President Donald Trump has signed The Human Rights and Democracy Act into law as a support for pro-democracy protesters in Hong Kong.
The bill mandates an annual review, to check if Hong Kong has enough autonomy to justify its special status with the US.
President Trump said he signed the law “out of respect for President Xi [Jinping], China, and the people of Hong Kong”.
He is currently seeking a deal with China, in order to end a trade war between the two countries.
Meanwhile, China’s foreign ministry threatened “counter measures” if the US continued “going down the wrong path”.
The Chinese foreign ministry statement said: “The US has been disregarding facts and distorting truth.
“It openly backed violent criminals who rampantly smashed facilities, set fire, assaulted innocent civilians, trampled on the rule of law, and jeopardized social order.”
The foreign ministry summoned the US ambassador to demand that Washington stops interfering in Chinese internal affairs.
Hong Kong’s government also reacted, saying the American bill would send the wrong signal and would not help to ease the situation.
However, a key activist in the Hong Kong protest movement, Joshua Wong, said the US law was a “remarkable achievement” for “all Hongkongers”.
President Trump had previously been non-committal about whether he would sign the bill, saying he was “with” Hong Kong but also that President Xi was “an incredible guy”.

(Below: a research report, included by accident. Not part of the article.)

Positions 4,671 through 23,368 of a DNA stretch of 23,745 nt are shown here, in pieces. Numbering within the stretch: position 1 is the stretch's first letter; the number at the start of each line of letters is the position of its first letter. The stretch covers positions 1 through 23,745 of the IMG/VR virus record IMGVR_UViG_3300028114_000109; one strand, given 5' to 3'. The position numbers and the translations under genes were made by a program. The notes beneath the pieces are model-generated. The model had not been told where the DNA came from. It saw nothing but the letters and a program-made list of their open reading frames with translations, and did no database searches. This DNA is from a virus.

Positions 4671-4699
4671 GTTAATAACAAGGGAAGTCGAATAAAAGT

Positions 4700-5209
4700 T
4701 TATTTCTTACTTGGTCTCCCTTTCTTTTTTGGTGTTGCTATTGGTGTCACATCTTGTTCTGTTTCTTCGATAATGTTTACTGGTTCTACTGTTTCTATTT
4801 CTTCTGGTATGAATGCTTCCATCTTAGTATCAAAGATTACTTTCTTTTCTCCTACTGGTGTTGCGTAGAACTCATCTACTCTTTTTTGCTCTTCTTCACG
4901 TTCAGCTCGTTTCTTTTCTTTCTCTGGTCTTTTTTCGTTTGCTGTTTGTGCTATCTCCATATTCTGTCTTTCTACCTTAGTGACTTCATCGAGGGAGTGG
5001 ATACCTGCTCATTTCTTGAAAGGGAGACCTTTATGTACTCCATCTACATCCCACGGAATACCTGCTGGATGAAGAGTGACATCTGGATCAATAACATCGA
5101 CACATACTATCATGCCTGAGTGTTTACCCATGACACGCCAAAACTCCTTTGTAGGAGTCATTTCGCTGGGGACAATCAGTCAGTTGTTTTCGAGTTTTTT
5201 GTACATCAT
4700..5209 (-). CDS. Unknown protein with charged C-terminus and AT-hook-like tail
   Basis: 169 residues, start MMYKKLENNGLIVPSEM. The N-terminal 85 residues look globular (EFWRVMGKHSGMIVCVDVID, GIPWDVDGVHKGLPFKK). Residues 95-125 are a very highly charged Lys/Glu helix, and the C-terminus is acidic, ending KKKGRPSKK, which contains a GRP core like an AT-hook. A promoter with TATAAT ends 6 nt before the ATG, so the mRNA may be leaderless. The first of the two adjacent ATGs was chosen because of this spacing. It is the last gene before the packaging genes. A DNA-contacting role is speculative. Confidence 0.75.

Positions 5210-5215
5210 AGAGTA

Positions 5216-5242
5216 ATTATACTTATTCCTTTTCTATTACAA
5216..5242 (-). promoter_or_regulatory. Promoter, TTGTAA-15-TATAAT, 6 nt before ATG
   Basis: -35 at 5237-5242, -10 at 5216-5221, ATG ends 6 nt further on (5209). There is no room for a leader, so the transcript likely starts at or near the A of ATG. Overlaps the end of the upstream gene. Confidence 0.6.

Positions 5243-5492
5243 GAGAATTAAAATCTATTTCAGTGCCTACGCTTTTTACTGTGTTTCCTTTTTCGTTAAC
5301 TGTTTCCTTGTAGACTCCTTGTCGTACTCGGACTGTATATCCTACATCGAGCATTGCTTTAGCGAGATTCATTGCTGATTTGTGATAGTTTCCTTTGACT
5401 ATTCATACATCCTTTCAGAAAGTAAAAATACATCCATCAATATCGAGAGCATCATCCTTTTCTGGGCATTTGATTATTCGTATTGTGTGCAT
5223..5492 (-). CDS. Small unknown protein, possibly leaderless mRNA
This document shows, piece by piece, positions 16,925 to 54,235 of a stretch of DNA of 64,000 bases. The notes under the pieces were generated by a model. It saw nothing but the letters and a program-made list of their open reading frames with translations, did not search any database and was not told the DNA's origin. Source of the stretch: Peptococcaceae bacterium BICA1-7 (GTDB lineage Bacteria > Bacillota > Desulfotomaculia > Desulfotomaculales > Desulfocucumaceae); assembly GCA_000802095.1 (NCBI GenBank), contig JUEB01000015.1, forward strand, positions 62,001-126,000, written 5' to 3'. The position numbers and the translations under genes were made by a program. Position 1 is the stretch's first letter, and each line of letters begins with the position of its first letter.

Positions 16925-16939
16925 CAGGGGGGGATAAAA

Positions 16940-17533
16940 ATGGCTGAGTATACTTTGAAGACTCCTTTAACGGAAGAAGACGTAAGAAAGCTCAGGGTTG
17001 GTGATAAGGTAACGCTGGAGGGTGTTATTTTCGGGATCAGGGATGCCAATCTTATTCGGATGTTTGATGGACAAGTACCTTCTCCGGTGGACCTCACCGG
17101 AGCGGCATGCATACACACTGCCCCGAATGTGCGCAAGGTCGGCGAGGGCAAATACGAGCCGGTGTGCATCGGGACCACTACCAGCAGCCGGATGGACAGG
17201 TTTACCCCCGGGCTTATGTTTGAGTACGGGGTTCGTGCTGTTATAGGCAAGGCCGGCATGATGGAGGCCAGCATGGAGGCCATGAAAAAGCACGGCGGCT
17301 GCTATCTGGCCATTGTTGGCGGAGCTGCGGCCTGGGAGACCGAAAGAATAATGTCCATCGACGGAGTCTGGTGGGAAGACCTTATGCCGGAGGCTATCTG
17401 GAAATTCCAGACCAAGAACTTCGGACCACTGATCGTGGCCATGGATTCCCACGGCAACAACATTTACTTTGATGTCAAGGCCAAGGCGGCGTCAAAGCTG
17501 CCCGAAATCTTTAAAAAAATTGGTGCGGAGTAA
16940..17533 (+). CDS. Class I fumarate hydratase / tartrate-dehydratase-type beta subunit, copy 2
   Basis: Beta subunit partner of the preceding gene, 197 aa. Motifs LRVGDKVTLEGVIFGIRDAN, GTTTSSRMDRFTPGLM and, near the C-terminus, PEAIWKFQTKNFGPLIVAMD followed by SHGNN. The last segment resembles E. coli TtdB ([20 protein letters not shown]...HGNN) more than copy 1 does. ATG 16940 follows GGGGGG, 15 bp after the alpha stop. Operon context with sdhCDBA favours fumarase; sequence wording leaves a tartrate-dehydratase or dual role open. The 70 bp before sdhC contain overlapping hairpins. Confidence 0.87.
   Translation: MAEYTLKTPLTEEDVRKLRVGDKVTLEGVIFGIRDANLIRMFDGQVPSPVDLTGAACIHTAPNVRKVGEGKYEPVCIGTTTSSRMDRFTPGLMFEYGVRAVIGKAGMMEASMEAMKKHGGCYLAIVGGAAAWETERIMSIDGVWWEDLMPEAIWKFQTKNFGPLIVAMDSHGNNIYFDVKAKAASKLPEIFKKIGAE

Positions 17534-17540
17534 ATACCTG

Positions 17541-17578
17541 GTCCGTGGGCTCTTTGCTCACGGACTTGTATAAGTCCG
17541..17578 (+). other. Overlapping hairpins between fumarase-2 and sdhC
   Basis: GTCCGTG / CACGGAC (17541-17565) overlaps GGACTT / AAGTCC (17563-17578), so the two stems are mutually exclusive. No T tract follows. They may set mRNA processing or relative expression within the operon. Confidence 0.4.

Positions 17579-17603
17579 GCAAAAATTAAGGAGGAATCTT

However, the bill had widespread congressional support, which meant that even if he vetoed it, lawmakers could potentially have voted to overturn his decision.
President Trump also signed a second bill, which bans the export of crowd-control munitions to the police in Hong Kong – including tear gas, rubber bullets and stun guns.
He said: “[The bills] are being enacted in the hope that leaders and representatives of China and Hong Kong will be able to amicably settle their differences, leading to long-term peace and prosperity for all.”
The bill was introduced in June in the early stages of the protests in Hong Kong, and was overwhelmingly approved by the House of Representatives last month.
It says: “Hong Kong is part of China but has a largely separate legal and economic system.
“The [annual review] shall assess whether China has eroded Hong Kong’s civil liberties and rule of law as protected by Hong Kong’s Basic Law.”
Among other things, Hong Kong’s special trading status means it is not affected by US sanctions or tariffs placed on the mainland.
The bill also says the US should allow Hong Kong residents to obtain US visas, even if they have been arrested for being part of non-violent protests.
Hong Kong’s protests started in June against a proposed law to allow extradition to mainland China but it has since transformed into a larger pro-democracy movement.
The protests have also seen increasingly violent clashes, with police being attacked, and officers firing live bullets.
The last week elections saw a landslide victory for the pro-democracy movement, with 17 of the 18 councils now controlled by pro-democracy councilors.